Our Daily Trailer: DOOMSDAY

BC wraps up Post-Apocalyptic Week with Neil Marshall's 2008 action/horror blend.

As The Descent is one of the best horror films of the last decade (which was a very good one for horror, I might add), Neil Marshall has earned a lifetime pass from me, but even if I had never heard of the guy before, I would have been excited for Doomsday, his 2008 post-apocalyptic action/horror blend. As you can see from the trailer, the movie is little more than a feature-length homage to Escape From New York and The Road Warrior, a recipe for the best summer movie of all time as far as I'm concerned. Sadly, Universal released the movie in April, and it flopped miserably - what should have been a "let's fill the theater with rowdy movie fans and have a grand old time" affair unfortunately played to mostly empty seats.

But those of us who were wise enough to see it were treated to a deliriously fun flick. In addition to the aforementioned films (two minor characters are named Carpenter and Miller, as if to make sure no one would accuse Marshall of merely ripping stuff off), there are homages to The Warriors, Aliens, Last Boy Scout (!) and a few other geek faves, making the film little more than a skilled filmmaker having a blast staging full-scale versions of the things he probably did with his action figures as a kid. But to give it a modern spin, the Mad Max/Snake Plissken stand-in is a female, played by Rhona Mitra in full Kate Beckinsale wannabe mode (incidentally, Mitra would step in for Beckinsale in the following year's Underworld prequel).

Also in the cast was the late Bob Hoskins, in what would be one of the last times we got to see the actor in our multiplexes here in the US (most of what followed was television and independent work in his native UK). He doesn't get to join in the action all that much, but it's fun seeing such a classy guy (and fairly choosy actor when it came to scripts, unlike co-star Malcolm McDowell) in the mix alongside cannibals and the like. It's a shame more people saw him in the terrible Snow White And The Huntsman (his final movie! Ugh) in its first few days of release than saw this in its entire theatrical run, though I assume it's at least found SOME fans on home video.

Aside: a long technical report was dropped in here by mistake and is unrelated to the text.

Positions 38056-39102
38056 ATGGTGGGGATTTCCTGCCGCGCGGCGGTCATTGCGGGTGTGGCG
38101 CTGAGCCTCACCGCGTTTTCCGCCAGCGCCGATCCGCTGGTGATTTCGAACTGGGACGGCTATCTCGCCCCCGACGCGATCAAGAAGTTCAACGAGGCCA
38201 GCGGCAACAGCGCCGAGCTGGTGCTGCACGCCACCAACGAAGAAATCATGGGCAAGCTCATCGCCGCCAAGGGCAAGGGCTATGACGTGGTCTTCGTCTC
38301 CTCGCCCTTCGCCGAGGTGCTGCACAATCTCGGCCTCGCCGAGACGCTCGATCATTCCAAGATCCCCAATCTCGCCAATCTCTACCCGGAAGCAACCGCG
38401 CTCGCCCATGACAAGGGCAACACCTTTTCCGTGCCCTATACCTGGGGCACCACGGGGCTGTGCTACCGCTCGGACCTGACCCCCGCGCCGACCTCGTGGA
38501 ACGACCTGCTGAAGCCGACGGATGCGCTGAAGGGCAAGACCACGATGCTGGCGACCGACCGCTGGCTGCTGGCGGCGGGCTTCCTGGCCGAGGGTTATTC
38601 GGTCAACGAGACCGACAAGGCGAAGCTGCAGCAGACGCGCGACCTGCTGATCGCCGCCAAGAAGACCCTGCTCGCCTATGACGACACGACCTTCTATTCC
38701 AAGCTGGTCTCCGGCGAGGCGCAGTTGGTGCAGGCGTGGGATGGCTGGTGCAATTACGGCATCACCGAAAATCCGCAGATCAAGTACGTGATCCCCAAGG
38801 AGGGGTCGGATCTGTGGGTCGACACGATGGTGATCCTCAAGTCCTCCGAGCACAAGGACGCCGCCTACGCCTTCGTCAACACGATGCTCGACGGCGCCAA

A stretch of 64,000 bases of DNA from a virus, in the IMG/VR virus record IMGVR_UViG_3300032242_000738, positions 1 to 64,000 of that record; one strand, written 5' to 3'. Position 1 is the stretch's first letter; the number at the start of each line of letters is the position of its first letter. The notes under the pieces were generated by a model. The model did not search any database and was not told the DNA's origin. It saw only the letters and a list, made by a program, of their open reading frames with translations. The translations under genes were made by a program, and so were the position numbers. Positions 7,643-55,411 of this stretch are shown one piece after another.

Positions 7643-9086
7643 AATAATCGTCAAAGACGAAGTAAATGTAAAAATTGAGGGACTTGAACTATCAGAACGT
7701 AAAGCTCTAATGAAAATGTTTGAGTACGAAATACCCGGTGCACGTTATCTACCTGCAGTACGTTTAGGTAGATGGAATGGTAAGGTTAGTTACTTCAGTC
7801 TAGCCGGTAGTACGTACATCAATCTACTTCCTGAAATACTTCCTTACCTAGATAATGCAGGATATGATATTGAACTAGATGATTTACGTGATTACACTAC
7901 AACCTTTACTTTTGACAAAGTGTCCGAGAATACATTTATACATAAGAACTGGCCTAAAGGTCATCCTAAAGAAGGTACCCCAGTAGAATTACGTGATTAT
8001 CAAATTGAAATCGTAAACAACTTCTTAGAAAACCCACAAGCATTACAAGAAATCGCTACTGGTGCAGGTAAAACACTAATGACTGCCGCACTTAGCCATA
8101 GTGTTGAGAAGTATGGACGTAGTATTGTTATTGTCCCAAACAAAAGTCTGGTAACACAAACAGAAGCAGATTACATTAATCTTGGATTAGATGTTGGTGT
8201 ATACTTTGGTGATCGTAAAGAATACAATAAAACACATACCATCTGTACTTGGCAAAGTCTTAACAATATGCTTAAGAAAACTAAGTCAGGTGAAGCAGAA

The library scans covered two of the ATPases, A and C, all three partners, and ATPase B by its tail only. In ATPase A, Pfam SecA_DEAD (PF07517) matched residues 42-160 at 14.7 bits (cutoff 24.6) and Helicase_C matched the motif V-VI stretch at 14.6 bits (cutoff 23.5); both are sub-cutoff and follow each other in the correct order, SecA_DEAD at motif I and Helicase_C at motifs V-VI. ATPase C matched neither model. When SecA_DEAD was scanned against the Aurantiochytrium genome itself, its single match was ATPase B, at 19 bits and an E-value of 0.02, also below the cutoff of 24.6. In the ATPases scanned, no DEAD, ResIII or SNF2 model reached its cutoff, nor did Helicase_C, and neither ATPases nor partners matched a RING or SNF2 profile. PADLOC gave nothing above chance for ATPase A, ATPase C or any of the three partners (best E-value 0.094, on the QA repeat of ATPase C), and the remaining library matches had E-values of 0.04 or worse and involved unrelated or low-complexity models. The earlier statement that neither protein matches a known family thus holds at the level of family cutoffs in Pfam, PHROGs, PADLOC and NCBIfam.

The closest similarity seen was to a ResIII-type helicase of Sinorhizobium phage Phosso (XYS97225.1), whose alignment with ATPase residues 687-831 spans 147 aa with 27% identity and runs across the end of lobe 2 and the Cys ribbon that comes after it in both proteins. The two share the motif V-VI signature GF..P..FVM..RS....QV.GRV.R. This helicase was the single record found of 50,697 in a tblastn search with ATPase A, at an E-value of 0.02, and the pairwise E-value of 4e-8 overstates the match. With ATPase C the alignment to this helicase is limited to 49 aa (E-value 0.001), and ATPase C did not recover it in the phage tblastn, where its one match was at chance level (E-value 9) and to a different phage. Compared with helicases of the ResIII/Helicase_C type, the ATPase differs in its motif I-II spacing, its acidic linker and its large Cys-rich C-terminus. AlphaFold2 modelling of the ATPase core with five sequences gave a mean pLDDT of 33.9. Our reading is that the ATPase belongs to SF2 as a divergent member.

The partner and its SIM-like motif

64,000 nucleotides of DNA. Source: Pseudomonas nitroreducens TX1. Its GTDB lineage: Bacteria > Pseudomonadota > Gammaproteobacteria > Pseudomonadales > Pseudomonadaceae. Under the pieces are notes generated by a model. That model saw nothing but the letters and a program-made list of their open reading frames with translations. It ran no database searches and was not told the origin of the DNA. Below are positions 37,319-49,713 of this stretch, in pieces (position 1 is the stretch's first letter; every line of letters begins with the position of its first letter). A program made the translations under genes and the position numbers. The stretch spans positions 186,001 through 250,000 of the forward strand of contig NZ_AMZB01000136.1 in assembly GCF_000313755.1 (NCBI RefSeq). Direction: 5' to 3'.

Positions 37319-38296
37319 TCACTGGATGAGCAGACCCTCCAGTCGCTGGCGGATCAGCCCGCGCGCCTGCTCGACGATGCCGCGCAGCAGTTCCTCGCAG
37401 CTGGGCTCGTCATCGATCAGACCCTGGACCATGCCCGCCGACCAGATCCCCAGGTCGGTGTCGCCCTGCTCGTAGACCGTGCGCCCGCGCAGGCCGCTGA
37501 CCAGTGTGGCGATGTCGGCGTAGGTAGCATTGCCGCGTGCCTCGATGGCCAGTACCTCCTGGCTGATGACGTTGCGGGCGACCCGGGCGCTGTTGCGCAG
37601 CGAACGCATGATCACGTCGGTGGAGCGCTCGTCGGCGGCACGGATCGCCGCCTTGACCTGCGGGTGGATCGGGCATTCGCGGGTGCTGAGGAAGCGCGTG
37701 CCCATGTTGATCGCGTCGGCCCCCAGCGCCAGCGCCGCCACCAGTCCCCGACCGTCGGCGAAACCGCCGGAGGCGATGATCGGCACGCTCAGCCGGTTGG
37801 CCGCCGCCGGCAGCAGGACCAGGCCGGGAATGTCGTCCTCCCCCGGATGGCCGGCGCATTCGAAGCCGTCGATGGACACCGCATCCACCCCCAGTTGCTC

Speaking of which, the movie has the fun distinction of being the very first movie Universal released on Blu-ray, after opting to back HD-DVD originally only to see the format die when all of the other major studios opted to switch over to the winning side (or drop support if they were on the fence, such as Warner Bros). Some of Uni's HD-DVD releases STILL haven't been updated to Blu, and given the movie's box office failure, we're actually pretty lucky that the timing worked out, as it might have otherwise been dumped to the dead format, or worse, not released on a high def format at all. And if you don't believe such a thing could happen, ask a fan of Welcome Home Roscoe Jenkins - a Universal release from a few weeks before Doomsday, which actually performed respectably - to show you their Blu-ray copy. I'll wait.

Even with the specific references to Carpenter and Miller, critics tore the film apart for being a ripoff, as if Marshall was just copying films and hoping no one would notice. Sure, there isn't a single original idea in the entire movie (even the credit font is taken from EFNY and other Carpenter films), but as long as you understood what the filmmaker was going for, you're bound to enjoy the spectacle he assembled from his indulgences. Hell, I'd even argue that it's a better followup to EFNY and Road Warrior than their own official sequels.